answersLogoWhite
Ask
Home Electricity
New Electrical Work
Modification of Old Electrical Work

Is it against electrical code to run 240 volts to lighting on a residential property?

343536
Answer

Top Answer
User Avatar
Wiki User
2015-07-16 18:08:34
2015-07-16 18:08:34
for USA, Canada and countries using similar 60Hz household electricity suppliesYes, this is a violation of the NEC.

Article 210.6 (A) (1) specifically prohibits luminaires (lighting) operating on a voltage of more than 120 volts between conductors in the following locations:

In dwelling units and guest rooms or guest suites of hotels, motels, or similar occupancies.

A dwelling unit means a home, or in some municipalities any building zoned in a residential area.

<><><><><><><><>

And, if the lighting is installed outside the building:

NEC Article 225.7 covers "Lighting Equipment Installed Outdoors"

225.7(C) tells us that outside branch circuits feeding luminaires can exceed 120V (but not more than 277V) if illuminating the outside areas of industrial establishments, office buildings, schools, stores and other commercial public buildings...

Dwellings (residential properties) are not mentioned as being permissible.IF YOU ARE NOT ALREADY SURE YOU CAN DO THIS JOB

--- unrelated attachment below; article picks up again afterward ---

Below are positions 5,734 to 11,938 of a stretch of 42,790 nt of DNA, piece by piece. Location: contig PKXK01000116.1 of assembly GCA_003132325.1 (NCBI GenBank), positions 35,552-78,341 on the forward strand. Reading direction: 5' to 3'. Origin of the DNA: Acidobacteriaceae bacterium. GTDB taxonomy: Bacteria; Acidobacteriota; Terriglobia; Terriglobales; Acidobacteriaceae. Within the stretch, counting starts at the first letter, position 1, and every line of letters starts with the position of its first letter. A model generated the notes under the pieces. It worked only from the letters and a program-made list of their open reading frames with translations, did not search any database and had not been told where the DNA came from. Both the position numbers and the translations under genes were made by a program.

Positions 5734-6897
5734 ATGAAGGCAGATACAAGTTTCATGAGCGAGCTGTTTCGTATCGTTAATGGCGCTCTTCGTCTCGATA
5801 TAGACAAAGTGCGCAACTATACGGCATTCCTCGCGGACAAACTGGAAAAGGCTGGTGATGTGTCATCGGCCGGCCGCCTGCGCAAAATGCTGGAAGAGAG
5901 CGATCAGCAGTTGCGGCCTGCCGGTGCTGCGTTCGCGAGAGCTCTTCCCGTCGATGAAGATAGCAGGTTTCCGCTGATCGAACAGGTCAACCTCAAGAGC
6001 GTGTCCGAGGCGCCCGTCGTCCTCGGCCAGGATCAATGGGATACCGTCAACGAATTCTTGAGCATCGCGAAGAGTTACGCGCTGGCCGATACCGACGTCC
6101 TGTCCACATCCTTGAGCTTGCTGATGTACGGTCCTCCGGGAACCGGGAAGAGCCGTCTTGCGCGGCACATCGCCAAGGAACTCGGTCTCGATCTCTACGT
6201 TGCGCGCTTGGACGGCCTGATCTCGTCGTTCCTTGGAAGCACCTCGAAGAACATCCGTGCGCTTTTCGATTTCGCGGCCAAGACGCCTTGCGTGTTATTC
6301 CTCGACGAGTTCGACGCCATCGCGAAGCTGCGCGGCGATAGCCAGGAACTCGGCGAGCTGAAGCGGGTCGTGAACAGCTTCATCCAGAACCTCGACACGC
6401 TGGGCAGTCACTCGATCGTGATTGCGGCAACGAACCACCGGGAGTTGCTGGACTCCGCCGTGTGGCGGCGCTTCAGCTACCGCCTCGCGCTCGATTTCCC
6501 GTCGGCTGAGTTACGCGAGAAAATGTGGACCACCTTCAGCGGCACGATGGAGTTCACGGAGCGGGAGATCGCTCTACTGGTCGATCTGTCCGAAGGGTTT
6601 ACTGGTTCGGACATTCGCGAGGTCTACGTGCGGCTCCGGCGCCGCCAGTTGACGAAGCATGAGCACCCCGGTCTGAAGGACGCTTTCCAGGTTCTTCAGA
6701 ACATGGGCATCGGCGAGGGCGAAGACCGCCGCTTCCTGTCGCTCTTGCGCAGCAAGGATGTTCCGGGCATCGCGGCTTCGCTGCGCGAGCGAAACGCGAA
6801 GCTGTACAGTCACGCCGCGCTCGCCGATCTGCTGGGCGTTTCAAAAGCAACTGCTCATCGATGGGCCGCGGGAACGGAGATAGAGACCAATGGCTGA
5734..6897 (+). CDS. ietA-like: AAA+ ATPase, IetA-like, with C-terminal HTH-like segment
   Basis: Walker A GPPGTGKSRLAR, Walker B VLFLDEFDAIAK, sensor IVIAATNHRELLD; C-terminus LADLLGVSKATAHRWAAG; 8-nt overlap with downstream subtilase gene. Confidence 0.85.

SAFELY AND COMPETENTLY

REFER THIS WORK TO QUALIFIED PROFESSIONALS.

If you do this work yourself, always turn off the power

at the breaker box/fuse panel BEFORE you attempt to do any work AND

always use an electrician's test meter having metal-tipped probes

(not a simple proximity voltage indicator)

to insure the circuit is, in fact, de-energized.

1
0

Related Questions

User Avatar

Yes, if the creditor sues the debtor and prevails in court.

User Avatar

Anyone who attempts to make electrical installations, changes, repairs to electrical wiring or facility. The electrical code is there to protect everyone against inexperience and sloppiness. For example, if a contractor or handyman decides to add outlets to your garage and does not follow the code which in turn causes property or physical damage to others. That contractor may be liable for the losses. If you must do electrical work to your property, you can contact your local inspector for guidance and inspection.

User Avatar

Surge protectors do not exactly protect against electrical fires, but they do protect from electrical surges, which could cause an electrical fire.

User Avatar

You accept the property in the condition it is in at the time of the purchase. The seller makes no warranties and you can't make any claims against the seller to make repairs.


Copyright © 2020 Multiply Media, LLC. All Rights Reserved. The material on this site can not be reproduced, distributed, transmitted, cached or otherwise used, except with prior written permission of Multiply.